Baggage - Jerry Springer
When Jerry Springer compares the Game Show Network's dating show, Baggage, to The Jerry Springer Show, he is just as forthcoming as the contestants on his new show have to be.
"The biggest difference is the people on Baggage have teeth," Springer tells TVGuide.com. "Right off, I noticed that."
After 19 years of watching contestants air their dirty laundry (and fight and throw chairs) on The Jerry Springer Show, the 66-year-old's unapologetic honesty should come as no surprise. It also makes him the perfect host for GSN's dating show.
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On Baggage, which airs weeknights at 6:30/5:30c, contestants must go through two elimination rounds to compete for the affection of one dater. During the two rounds, the contestants are forced to reveal all of their deepest and darkest baggage. In the final round, the dater must also spill their personal history so that the contestant can decide whether they're willing give a relationship a try.
"It's a friendlier show. People aren't there to have confrontations," Springer says. "They're there to try to get a date. It's a feel-good show, but it's a show which inspires conversation among the people watching."
Despite the crowded field of dating shows, Springer thinks Baggage offers a unique approach — and a better shot at love — for its willing contestants.
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"I wish I would have thought of it. That was literally my first reaction when it was sent to me," Springer says. "Dating shows are all about selling the best parts of yourself. ... The point is, you're going to find out the baggage anyway. So why not find out before you've invested months and years into a relationship?"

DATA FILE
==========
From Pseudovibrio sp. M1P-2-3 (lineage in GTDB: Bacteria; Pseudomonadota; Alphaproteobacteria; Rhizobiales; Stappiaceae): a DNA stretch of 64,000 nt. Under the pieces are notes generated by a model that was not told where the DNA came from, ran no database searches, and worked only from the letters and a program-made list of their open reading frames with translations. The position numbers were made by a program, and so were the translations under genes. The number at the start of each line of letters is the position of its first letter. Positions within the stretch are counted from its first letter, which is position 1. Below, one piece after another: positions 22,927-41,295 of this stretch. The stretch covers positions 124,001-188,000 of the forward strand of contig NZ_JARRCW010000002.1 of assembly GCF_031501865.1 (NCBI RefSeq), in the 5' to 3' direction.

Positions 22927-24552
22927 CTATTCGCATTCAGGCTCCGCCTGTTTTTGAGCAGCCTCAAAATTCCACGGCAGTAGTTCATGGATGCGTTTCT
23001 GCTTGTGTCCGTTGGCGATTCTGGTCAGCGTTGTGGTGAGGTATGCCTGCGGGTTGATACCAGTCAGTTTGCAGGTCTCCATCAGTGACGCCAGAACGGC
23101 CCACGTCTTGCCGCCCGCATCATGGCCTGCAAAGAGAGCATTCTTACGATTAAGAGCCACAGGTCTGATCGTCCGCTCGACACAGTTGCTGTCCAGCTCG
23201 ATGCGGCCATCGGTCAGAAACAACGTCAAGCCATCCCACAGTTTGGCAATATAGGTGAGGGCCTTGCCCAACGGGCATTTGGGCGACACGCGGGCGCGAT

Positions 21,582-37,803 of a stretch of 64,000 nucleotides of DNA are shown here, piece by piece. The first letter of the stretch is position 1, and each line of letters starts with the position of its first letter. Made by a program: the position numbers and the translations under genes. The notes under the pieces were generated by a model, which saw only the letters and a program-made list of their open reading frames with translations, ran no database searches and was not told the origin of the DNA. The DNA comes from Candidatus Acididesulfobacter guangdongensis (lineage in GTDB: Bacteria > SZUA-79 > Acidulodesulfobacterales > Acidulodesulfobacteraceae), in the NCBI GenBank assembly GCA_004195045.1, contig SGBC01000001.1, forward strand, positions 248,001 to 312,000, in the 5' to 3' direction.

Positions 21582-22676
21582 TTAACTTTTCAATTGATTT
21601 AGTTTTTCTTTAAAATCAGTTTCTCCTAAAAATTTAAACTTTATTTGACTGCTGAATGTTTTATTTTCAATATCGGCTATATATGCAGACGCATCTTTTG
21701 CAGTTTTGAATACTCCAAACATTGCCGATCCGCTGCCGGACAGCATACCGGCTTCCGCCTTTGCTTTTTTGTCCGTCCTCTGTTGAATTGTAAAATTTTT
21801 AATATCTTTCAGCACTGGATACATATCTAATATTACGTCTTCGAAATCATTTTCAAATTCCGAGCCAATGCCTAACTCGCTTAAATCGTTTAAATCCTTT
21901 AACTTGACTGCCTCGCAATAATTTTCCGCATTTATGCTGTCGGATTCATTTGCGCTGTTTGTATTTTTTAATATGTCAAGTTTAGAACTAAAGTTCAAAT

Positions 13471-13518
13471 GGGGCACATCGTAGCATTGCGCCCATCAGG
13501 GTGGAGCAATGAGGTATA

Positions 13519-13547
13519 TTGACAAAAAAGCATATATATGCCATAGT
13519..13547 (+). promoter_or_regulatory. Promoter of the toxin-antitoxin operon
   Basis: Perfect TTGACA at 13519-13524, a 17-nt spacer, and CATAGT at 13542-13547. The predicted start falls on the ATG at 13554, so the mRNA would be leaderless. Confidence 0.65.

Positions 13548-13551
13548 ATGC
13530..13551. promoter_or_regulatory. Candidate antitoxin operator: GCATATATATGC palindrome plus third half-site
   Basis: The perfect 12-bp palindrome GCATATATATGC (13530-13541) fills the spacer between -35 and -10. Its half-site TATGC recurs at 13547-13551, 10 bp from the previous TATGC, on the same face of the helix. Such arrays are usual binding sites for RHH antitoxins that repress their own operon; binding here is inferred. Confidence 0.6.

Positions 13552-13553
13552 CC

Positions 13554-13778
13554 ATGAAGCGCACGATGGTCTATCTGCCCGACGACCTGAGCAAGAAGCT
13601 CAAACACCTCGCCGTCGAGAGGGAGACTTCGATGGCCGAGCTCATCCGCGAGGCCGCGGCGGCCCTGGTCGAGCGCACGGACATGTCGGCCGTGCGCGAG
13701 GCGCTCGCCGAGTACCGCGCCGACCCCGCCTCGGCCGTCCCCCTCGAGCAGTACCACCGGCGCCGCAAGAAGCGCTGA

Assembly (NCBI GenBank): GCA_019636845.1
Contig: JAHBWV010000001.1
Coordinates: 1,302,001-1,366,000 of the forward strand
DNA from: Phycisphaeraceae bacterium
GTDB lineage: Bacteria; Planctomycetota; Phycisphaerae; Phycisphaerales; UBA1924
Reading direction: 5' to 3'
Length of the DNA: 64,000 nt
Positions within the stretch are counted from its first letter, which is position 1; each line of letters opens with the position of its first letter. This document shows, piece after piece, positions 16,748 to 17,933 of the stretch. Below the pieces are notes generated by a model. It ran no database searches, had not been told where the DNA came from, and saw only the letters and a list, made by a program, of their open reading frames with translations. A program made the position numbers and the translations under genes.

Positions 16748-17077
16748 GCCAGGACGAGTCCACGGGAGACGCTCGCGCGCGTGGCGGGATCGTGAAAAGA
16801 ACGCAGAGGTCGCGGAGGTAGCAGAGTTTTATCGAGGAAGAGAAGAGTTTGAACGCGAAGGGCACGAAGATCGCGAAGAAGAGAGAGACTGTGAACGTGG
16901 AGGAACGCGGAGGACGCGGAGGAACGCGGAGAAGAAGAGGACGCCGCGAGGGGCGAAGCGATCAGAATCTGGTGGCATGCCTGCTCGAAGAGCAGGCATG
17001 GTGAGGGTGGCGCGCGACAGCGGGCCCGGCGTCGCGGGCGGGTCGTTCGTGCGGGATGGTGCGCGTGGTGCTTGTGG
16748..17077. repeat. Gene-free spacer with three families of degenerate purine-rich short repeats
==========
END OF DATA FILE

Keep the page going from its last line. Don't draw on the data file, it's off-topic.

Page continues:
And who better to handle such intimate and sometimes appalling details than Springer? He says it's hard for him to be surprised after so many years of his syndicated talk show, but he also says the show fits in perfectly with current pop culture.
"Everyone is Twittering, texting and putting everything about themselves up on Facebook anyway. There is nothing anymore that, particularly the younger generation, doesn't share with the whole world. So the fact that it's on television now is almost a yawn," Springer says. "Twenty years ago it would have been surprising, but young people today share everything."
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The biggest question for Springer is, after almost two decades of dealing with the dirty gossip and dark-kept secrets of strangers, how much more can he take?
"I have notified NBC Universal, who owns me, that I am stopping my own show when I'm 103. I told them not a day longer," he jokes. "I'm lucky in life. I obviously don't need to make a living anymore so I just do things that I enjoy and try to get different experiences.
"I've gotten a lot of offers to become a male dancer at the local nursing home," Springer jokes. "So I'll be doing that: Jerry and the Geriatrics."